Irish Embassy in Australia received threats over Queen Victoria statue

Embassy representatives said callers warned them to ‘stay away’ from unveiling in Sydney

The statue of Queen Victoria outside the Queen Victoria building in Sydney, Australia. Photograph: Getty Images/iStockphoto

The statue of Queen Victoria outside the Queen Victoria building in Sydney, Australia. Photograph: Getty Images/iStockphoto

 

The Irish Embassy in Australia received “threatening and abusive phone calls” about the propriety of an Irish government giving a statue of Queen Victoria to the people of Sydney as a gift.

Details of the controversy were revealed in 1986 files from the National Archives, with a further record emerging in the 1987 papers.

The statue was part of a large monument designed by John Hughes and unveiled in 1908 by the Lord Lieutenant, Lord Aberdeen, at Leinster House. It now stands outside the Queen Victoria building in Sydney.

The Australian embassy in Canberra wrote to the Department of Foreign Affairs in Dublin on December 23rd 1987 with a report on the unveiling on December 20th.

First secretary Dermot Brangan wrote that he had delivered a speech and that Australian officials had thanked the Irish government “profusely” for the gift.

“In the days preceding the unveiling, you should be aware that the Embassy received a number of threatening and abusive phone calls about the propriety of an Irish government giving a statue of Victoria as a gift. The callers demanded to know the name of who was going to represent the Irish government at the ceremony and to warn him/her to stay away,” he wrote.

Brangan said he also understood a call had been made to the Sydney newspaper The Daily Telegraph “from someone claiming to represent the Irish Defence Force – a group unknown to the Embassy or indeed the police, warning the people of Sydney to stay away from the unveiling ceremony, threatening to bomb the statue and to picket the ceremony”.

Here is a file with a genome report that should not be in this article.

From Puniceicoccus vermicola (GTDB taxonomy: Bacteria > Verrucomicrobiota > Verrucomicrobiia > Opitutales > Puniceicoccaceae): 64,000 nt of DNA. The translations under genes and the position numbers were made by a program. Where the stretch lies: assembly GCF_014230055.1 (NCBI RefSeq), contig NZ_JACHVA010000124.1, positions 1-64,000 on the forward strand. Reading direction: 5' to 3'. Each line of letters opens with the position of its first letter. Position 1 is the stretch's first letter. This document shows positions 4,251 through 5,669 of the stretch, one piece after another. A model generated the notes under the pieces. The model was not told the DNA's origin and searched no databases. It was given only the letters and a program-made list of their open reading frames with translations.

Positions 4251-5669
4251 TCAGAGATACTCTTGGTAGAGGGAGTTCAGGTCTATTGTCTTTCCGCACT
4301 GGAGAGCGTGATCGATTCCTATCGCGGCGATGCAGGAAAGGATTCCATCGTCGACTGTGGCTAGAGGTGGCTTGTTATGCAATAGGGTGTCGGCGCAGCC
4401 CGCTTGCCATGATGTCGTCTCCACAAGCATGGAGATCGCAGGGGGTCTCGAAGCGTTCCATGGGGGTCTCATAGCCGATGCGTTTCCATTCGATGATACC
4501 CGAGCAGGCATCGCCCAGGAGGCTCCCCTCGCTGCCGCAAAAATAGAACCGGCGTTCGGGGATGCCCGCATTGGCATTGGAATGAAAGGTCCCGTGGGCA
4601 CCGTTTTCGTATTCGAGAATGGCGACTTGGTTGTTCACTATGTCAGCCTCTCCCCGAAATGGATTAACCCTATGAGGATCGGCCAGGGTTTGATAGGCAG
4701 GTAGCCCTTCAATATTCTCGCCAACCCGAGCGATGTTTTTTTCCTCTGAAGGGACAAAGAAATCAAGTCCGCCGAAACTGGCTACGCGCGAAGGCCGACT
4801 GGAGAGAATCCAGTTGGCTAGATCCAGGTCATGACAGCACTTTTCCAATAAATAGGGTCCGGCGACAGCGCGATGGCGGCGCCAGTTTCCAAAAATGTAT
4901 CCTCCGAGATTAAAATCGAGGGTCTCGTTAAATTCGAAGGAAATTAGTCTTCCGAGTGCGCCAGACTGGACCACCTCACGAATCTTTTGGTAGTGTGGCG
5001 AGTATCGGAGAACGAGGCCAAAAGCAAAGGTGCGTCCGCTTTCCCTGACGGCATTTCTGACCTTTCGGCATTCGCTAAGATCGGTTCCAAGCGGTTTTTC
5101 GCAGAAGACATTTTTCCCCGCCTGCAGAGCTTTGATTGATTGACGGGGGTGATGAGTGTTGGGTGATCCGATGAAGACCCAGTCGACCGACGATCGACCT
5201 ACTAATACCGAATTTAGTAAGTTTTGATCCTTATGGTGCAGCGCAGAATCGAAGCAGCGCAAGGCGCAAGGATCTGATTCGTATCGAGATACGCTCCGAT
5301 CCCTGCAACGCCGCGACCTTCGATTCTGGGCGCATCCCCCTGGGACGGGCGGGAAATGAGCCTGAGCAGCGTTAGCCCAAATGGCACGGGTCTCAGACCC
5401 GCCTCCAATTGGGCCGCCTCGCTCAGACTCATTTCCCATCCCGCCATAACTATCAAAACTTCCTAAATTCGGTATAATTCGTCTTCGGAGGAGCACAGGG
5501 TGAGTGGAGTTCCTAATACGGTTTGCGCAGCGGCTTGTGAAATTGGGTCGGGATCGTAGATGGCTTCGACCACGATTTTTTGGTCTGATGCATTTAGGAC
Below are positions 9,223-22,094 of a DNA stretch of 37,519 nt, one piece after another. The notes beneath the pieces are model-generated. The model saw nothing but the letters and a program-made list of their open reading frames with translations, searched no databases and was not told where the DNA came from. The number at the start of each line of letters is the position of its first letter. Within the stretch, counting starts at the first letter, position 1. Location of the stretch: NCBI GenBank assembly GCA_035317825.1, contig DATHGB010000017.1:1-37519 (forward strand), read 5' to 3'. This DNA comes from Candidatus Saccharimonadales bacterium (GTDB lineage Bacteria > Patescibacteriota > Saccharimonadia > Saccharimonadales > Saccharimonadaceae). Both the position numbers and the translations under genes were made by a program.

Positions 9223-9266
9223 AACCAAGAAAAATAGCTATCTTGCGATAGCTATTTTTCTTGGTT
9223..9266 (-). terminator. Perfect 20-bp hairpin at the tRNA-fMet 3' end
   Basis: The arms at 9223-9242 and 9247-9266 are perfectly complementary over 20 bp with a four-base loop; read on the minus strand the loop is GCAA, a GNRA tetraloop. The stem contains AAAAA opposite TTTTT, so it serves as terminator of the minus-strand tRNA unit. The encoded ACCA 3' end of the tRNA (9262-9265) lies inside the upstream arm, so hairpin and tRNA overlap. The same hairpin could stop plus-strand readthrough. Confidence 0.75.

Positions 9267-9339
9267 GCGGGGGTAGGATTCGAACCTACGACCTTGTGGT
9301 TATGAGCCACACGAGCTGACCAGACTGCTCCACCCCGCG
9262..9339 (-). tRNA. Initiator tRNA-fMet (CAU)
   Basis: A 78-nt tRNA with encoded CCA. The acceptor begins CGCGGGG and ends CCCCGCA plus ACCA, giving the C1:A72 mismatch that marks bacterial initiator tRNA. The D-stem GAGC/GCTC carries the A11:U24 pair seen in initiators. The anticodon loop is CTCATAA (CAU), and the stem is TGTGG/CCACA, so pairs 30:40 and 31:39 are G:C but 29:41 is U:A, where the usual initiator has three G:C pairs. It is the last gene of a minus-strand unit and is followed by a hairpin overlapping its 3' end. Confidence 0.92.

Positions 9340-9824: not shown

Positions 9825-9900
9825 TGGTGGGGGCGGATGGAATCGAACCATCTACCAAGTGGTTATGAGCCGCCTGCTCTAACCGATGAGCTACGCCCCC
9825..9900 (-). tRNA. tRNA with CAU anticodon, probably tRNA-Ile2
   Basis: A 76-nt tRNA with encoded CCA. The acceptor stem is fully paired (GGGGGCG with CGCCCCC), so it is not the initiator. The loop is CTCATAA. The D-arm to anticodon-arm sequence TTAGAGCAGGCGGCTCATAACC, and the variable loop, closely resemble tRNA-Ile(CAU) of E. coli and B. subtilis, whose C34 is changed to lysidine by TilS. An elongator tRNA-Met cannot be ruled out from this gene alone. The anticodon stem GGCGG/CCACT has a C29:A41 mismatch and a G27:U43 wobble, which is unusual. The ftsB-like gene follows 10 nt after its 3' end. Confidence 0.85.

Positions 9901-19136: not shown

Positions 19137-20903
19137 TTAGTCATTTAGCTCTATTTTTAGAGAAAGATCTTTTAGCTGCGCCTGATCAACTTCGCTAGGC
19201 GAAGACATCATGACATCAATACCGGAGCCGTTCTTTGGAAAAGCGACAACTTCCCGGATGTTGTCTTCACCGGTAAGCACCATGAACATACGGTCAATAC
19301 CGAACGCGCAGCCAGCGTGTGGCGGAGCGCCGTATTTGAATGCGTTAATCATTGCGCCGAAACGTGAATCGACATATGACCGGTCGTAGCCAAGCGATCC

“The caller is also reported to have issued a threat against the unnamed Irish govt. representative.”

Brangan said the Embassy was also made aware of the threats by the Sydney special branch, who “happened to be in Canberra re security for Taoiseach’s visit”.

“I myself was escorted during my stay in Sydney on the 20th December by members of that force.”

The Embassy official reported that the weather in Sydney on the morning of the unveiling was “most inclement with very heavy rain falling”.

Victoria’s statue remained at Leinster House after the building became the home of the Dáil and Seanad in 1922, and it stayed there until 1948 despite occasional protests from some TDs who disliked the presence of the British royal.

In 1946, pressure for the removal of the statue built up on the basis that the space was needed for car parking. But it was not until 1948 that Victoria was taken down and sent to the Royal Hospital in Kilmainham.

When restoration works began there, the statue was moved again to Daingean in Co Offaly where it was kept in storage.

In June 1986, the Irish Ambassador to Australia, Joseph Small, received a request from the office of the lord mayor of Sydney asking if it would be possible to send the statue to Australia on loan.

A government decision to transport the massive bronze piece to Australia was vigorously opposed by the then minister for finance John Bruton and the director of the National Museum of Ireland John Teahan, but was backed by then taoiseach Garret FitzGerald.